Considering switching from WordPress to Ghost (or maybe the other way around)? Scroll down, you’ve come to the right place.
As a power user and not affiliated with either platform in any way. In this post, I’ll give you my honest and straight-up review of why and when you should use one platform over the other.
We’ll also cover a side-by-side comparison for three different use cases, building corporate sites, standalone blogs and affiliate sites.
Ready? Let’s go.
What is WordPress?
WordPress is a free and open-source content management system written in PHP and using a MySQL or MariaDB database. If you’re not familiar with any of this, let me explain:
Launched in 2013, WordPress is one of the most popular publishing platforms. In fact, WordPress powers more than 35% of all websites on the internet today. People use WordPress to power any kind of website, from simple blogs to corporate sites. WordPress is extremely powerful and it’s a great choice for many looking to start and scale an online business.
You can either host WordPress yourself (it’s dead easy) or use WordPress.com which has some restrictions, e.g. you can’t customise it with themes and plugins.
I’ve always self-hosted my WordPress sites so can’t really comment on using the WordPress.com service.
What is Ghost?
Now, this is where it gets interesting.
John O’Nolan, the founder of Ghost, was the former deputy design lead for WordPress. He started his idea of launching Ghost in November 2012.
Yes, I was surprised too.
Nolan was frustrated with the complexity of using WordPress as a blog rather than a content management system. In a blog post for Chart Mogul, Nolan says:
“We’re hoping to use technology to level the playing field of modern media and power some of the greatest journalists in the world.”
In 2013 he released the prototype of Ghost during a kickstarter campaign which is clearly targeted towards publishers. More on that later.
Ghost is also free & open source – although they’re also offering a PRO version which includes hosting. It’s built on NodeJS and modern technologies.
With the basics of both platforms covered, here’s the dilemma.
WordPress vs. Ghost: A Dilemma of Choice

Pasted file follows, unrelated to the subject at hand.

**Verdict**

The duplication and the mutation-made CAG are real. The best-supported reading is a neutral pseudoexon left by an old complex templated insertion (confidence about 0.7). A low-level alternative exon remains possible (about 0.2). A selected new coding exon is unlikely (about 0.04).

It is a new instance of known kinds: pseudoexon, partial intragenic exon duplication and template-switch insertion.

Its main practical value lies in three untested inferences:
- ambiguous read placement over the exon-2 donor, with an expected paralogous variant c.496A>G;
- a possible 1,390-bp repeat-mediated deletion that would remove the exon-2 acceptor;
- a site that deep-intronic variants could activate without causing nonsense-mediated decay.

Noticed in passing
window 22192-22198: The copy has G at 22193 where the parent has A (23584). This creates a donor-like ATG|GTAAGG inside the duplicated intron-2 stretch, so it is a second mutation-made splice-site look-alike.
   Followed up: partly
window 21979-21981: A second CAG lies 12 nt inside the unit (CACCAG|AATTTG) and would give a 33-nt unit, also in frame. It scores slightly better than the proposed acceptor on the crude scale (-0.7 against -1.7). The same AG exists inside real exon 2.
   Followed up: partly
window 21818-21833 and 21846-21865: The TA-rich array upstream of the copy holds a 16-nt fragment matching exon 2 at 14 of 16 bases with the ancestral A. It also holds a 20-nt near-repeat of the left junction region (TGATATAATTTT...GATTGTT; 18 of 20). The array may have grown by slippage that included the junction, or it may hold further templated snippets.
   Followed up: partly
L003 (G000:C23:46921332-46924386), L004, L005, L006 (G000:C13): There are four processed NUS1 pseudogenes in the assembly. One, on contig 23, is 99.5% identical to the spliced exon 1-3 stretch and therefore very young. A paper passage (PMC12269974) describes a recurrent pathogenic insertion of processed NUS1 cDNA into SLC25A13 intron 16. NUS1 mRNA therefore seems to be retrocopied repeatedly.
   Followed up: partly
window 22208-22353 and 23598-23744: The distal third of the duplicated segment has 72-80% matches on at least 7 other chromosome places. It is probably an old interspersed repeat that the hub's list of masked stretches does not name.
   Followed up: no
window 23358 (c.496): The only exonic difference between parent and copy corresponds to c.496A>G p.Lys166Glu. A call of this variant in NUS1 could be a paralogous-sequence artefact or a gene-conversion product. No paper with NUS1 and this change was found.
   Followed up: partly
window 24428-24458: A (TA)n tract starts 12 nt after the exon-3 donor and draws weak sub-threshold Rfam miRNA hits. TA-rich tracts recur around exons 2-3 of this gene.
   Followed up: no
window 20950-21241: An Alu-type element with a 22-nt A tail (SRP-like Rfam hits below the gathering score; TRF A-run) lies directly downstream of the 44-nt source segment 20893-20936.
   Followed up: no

As long as I can remember, I’ve been building blogs with WordPress. In fact, my first blog, “The Purity Experience”, launched in early 2010, seven years after WordPress was first released. (Just FYI, I don’t run this site any longer)
Back then, WordPress was really about blogging. And blogging was becoming the new hot thing – similar to what podcasts are today.
I’ve designed, dabbled, tinkered and developed and set up blogs for my friends and anyone who wanted to start writing.
But over the years things have changed. WordPress has become the tool of everything, not just blogs.
Today, I’m using WordPress primarily as a content management system (CMS) to build full websites and no longer simply as a standalone blogging platform.
I’ve not only used WordPress for the website of my design subscription service, not only corporate sites but also job boards, market places, eLearning platforms, eCommerce solutions & marketing pages.
At Zengrowth for example, we’re helping our clients build entire marketing systems on WordPress, from landing pages to email capture processes, to side-project marketing & more.
The fact that WordPress has a huge marketplace of free, paid and freemium plugins makes it the perfect platform for everything really. If you can think of it, you can probably make it in WordPress.
When I saw John Nolan’s kickstarter campaign for the first time, he marketed his “project” as:
“The open-source blogging platform which makes writing pleasurable and publishing simple”
A platform just for blogging? SEO out of the box? Markdown editor included? Blazing fast experience?
Clearly, Nolan had enough of the clunky WordPress experience for writers and publishers. And I do see where he was coming from.
But one thing really confused me.
Somewhere along the lines it also said something about being the “alternative to WordPress”. And I think this is what causes confusion in many peoples’ eyes.
People expected a new WordPress with similar goals, yet, Ghost’s value proposition was clearly based around publishing and writing and not building fully-fledged websites or web applications.
And that’s why I think the dilemma started in the first place.
With almost every technology, there are different use cases. Below, we’re exploring three different ones and I’ll share when I would use WordPress over Ghost and vice versa.
WordPress vs. Ghost: Different Platforms, Different Use Cases
Use Case 1: Building Corporate Websites
WordPress: If you’re a seasoned developer, you know what you’re doing and you’ve probably done it a million times, WordPress is awesome. You have full control over everything, plus you already know your way around, which plugins to install and how to make your WordPress website ultra fast.
Plus, most hosting sites offer easy one-click installs for WordPress. WordPress has a huge community supplying themes and extensions for almost every industry & use case.